The plan asset rule, among other things, is used to determine whether or not a retirement plan is involved in a prohibited transaction.
A PT happens when a plan enters into a transaction with a disqualified person. In our previous post, we covered how to make a list of disqualified persons for a specific plan. This included determining whether a partnership, LLC, corporation (or other entity) is a DQP itself because of significant ownership by other DQPs.
A prohibited transaction occurs when all three factors are present: a DQP, a plan, and a transaction between the two. So, from the previous post we know how to determine if an entity is considered to be a DQP itself. But how do we know if an entity is considered to be a plan?
Plan asset look-through
…is the term DOL uses (The U.S. Department of Labor, DOL, is the government entity that solely has the authority and responsibility to interpret prohibited transactions code). If a situation does have plan asset look-through it means that you look through an entity to the plan and consider the assets of the entity to be the assets of the plan itself. This also means that when you do have plan asset look-through, that entity is treated as if it is the plan itself for PT purposes. That would mean that that entity could not transact with a disqualified person.
When is there plan asset look-through?
The first hard and fast rule is that when an entity is owned 100% by a plan, there is plan asset look-through. So if your Solo 401(k) was 100% owner of an LLC (or any other type of entity) then that LLC would be seen as if it were the plan itself for purposes of PT determination.
The second rule is that when a plan owns 25% or more of an entity, there is plan asset look-through. I know you have a scrunched up face right now because the second rule seemingly makes the first rule unnecessary. This second rule isn’t hard and fast like the first rule. This rule does not apply if you have an “operating company”.
What is an operating company?
This is where the fun starts.
An operating company is one that primarily makes or sells a product or service other than the investment of money.
A real estate operating company is one where at least 50% of its assets (valued at cost) are invested into managed real estate or real estate development, provided that the entity is directly engaged in the management or development activities.
So, back to plan asset look-through… If you have an operating company, the there is only look through if a plan owns 100% of the operating company. If you don’t have an operating company, there is look through if the plan owns 25% or more of the company.
At first glance you may think “wow, there are some major benefits to investing in an operating company”. I partially disagree. Firstly, your plan is intended for passive investment. An operating company suggests that its owners are engaging in a business activity which might subject the plan to UBIT tax (35% tax on almost all of the income from the entity rather than just the income attributable to leveraged) and it might even create a PT if the accountholder/participant is engaged in the management or development activities. You see, a plan can’t operate a business, so if it owns something that is a business, the reality is that the plan’s accountholder or participant is operating the business, and that is a no-no.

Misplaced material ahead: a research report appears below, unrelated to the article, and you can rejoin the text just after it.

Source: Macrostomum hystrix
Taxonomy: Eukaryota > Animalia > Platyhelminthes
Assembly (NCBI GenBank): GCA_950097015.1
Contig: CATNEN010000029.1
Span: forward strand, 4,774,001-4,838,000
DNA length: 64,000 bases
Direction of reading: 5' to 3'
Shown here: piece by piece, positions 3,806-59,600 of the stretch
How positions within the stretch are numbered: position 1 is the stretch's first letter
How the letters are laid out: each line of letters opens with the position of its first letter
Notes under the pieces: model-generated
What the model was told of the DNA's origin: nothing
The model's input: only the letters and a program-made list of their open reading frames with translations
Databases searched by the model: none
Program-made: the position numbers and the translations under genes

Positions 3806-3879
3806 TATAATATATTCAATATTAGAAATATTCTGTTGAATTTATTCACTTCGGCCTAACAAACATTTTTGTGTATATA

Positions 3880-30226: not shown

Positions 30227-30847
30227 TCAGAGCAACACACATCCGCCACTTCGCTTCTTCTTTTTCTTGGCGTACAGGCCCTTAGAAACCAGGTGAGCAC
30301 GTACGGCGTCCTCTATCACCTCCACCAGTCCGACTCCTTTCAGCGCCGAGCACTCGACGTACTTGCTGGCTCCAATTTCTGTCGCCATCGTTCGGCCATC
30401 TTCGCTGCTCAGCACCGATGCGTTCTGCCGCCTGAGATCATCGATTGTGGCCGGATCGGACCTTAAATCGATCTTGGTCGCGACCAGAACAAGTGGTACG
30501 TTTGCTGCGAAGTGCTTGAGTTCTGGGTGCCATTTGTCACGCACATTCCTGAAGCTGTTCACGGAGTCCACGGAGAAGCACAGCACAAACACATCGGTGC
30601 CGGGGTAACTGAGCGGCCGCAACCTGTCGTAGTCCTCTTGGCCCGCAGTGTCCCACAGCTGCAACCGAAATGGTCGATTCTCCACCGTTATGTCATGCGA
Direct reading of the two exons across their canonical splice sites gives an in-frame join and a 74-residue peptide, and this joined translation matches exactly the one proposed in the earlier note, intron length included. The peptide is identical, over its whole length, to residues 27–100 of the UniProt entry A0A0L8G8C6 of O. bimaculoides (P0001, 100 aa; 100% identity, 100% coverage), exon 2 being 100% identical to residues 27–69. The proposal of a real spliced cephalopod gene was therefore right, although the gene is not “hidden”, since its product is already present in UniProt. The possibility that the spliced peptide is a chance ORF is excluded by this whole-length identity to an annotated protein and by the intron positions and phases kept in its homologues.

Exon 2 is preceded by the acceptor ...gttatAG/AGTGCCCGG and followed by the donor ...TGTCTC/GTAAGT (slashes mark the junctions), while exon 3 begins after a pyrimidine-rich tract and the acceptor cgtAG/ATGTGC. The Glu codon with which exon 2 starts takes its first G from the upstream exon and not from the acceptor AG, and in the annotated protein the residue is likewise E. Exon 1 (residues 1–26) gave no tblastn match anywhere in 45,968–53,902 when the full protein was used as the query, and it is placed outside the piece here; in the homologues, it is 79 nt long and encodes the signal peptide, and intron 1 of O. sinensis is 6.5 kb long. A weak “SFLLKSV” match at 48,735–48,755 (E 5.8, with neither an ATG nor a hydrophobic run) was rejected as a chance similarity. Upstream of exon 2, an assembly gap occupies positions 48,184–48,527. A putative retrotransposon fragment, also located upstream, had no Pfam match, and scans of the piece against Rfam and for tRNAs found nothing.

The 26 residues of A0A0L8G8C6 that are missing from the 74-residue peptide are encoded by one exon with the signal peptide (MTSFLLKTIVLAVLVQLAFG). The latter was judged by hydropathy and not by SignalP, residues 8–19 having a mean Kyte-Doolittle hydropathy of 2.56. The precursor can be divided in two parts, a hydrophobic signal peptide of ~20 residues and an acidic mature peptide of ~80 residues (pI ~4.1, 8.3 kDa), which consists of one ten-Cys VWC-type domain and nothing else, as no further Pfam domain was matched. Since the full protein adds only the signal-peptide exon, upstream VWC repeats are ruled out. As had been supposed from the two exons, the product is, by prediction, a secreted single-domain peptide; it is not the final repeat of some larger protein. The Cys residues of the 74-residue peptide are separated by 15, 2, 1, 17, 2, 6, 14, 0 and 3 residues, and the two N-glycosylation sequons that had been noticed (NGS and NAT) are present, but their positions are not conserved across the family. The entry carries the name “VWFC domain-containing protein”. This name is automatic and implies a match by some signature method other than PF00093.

Secondly, the only benefit to intentionally creating an operating company for the purposes of skirting the plan asset rule would be if you intend to involve a DQP with your plan. That intent alone starts you off on the wrong foot.
To simplify, an entity is a plan if significantly (25% or more) owned by a plan. An entity is a DQP if it is significantly (50% or more) owned by other DQPs.
Let’s use an example. XYZ Corp is 35% owned by Rachel’s IRA. Rachel’s mother owns 60% of ABC, LLC. Rachel and her mom are thinking of directing XYZ to lease a property it owns to ABC, LLC. Because of the significant ownership on both sides, this is what it looks like:
|Owned 60% by Rachel’s mother
|Owned 35% by Rachel’s IRA
…and it is a prohibited transaction. Some people even go to the extent of officially requesting a PT exception from DOL in order to execute a transaction such as this. To me, this is silly. DOL would only consider granting such an exception if the lease were for market value to ensure that a DQP isn’t getting special use of plan assets or vice versa. If the proposed lease were for market value, then ABC, LLC shouldn’t have a problem finding another leasee who isn’t a DQP. With the same logic, XYZ Corp shouldn’t have a problem finding another leasor who isn’t a plan. All things considered, this type of transaction should just be avoided completely.
Finding out if a proposed transaction is possibly a PT should follow this simple process:
- Is there a plan? (follow the plan asset look-through rules) If yes, continue to next question…
- Is there a disqualified person? (refer to the DQP list you made) If yes, continue to next question…
- Is there a transaction between the two? If yes, you probably have a PT; don’t follow through with it.
I would follow that actual order so that you can reach your answer as quick as possible. There’s no harm in walking away from a transaction because it might be prohibited, but inversely if you are pretty sure something is not a PT, but there is a DQP involved somewhere/somehow… check with a qualified attorney before proceeding.
Following that step by step process to attain the peace of mind that your transactions are building your wealth rather than risking it to hefty tax penalties.